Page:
News that Star Wars Episode VII has had its release date pushed back seven months has sparked a number of rumours. Chief among these is that the reason for the delay is to allow for script re-writes that will grant more development and screen time to fan-favourite characters Rey, Finn, and Poe Dameron. Apparently the big cheeses over at Lucasfilm and Disney weren't expecting these to be the characters audiences connected with. Sources suggest that executives were sure it would be Kylo Ren who was the favourite, and this fed into the prominence of his merchandise, while toymakers were specifically instructed to leave Rey out, because of the belief that 'boy's toys' shouldn't feature female characters.
And this got me thinking a lot about the way we construct a story, as writers. Especially when writing a series, reader reaction is going to have some influence on your creative choices. Readers might love a character you thought was going to be forgotten. They may have zero interest in your favourite character, the one you've got so many plans for. What do you do?
Do you dig your heels in and write as you'd originally planned? You're taking a risk here. What if readers continue to show no interest in the characters and plotlines you wanted to focus on?
Do you change what you had planned, turning the focus to the fan-favourites? This might be a hard thing to do. Does this count as selling out? Have you compromised your artistic integrity?
There is no one universal answer to this, but it's naive to think that a writer can shield themselves from the influence of reader opinion. Something will change. Once you let your story out into the world, it's no longer really yours. Not completely. Part of it will always belong to the reader, and as you receive more feedback, you will have more factors to consider in all your decisions.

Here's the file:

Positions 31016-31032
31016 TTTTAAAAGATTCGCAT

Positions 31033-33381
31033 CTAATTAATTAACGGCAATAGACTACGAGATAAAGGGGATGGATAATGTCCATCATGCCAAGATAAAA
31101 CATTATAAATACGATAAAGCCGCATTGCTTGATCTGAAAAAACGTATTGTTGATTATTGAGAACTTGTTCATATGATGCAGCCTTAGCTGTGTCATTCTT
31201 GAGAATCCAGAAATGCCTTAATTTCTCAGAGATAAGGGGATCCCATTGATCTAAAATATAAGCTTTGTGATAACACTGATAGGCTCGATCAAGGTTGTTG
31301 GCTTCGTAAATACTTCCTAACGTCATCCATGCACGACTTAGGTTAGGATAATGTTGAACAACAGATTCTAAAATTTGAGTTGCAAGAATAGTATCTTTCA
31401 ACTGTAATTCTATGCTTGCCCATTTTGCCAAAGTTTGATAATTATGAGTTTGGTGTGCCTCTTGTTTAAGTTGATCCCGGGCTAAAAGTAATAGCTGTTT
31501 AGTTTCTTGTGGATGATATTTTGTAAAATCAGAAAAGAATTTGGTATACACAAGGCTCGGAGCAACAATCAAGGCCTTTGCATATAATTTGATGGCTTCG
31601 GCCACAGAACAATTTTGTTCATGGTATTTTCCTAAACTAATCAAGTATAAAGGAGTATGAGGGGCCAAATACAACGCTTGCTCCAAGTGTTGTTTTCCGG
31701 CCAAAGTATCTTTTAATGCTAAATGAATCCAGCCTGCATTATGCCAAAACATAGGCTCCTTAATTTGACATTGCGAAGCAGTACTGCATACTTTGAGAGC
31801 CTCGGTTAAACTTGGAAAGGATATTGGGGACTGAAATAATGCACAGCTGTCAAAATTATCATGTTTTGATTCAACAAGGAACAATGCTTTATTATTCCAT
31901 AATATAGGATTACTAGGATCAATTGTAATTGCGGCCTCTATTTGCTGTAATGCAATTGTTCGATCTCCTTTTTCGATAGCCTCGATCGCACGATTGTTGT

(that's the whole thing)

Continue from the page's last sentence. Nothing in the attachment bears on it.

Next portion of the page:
Is it wrong to stick to your guns and keep things the way you wanted them, regardless of what your readers want? No, I don't believe so. However, it's foolish to do this without accepting the risk that you will lose readers, and arrogant to assume that what readers want doesn't matter. No book or movie is perfect, and we shouldn't pretend our own work is any different. If someone later points out something they regard as a flaw, we must accept that our work is flawed, and decide if we're content with that, or if we want to do things differently in the future.
And neither is it wrong to change what you were planning. The term 'self-censorship' gets bandied about an awful lot. Any time I talk about the Bechdel-Wallace Test it is almost a guarantee that someone will make a comment about self-censorship, and ask why a writer should have to change their work just to satisfy what they see as an arbitrary condition. What's arbitrary or unimportant to one person, however, is an essential issue to another. We have to decide whether our own biases should determine what we write, or whether we're open to seeing things from another perspective.
Deciding to change something in response to feedback is not self-censorship. Nor is it self-censorship to make a decision in order to promote a particular idea. These are creative choices, made by artists who value not only their own ideas, but the feedback of their audience.
I believe completely in an author's responsibility to be honest about their work. So whether you're certain your work will be the best it can be by sticking to your original plans, or you want to do whatever it takes to make your readers happy, or you fall anywhere between those two extremes, write the best books you can. Accept both praise and criticism, because no matter what choice you make, you'll never receive all the praise you want, and you'll always receive more criticism than you'd like. ;-)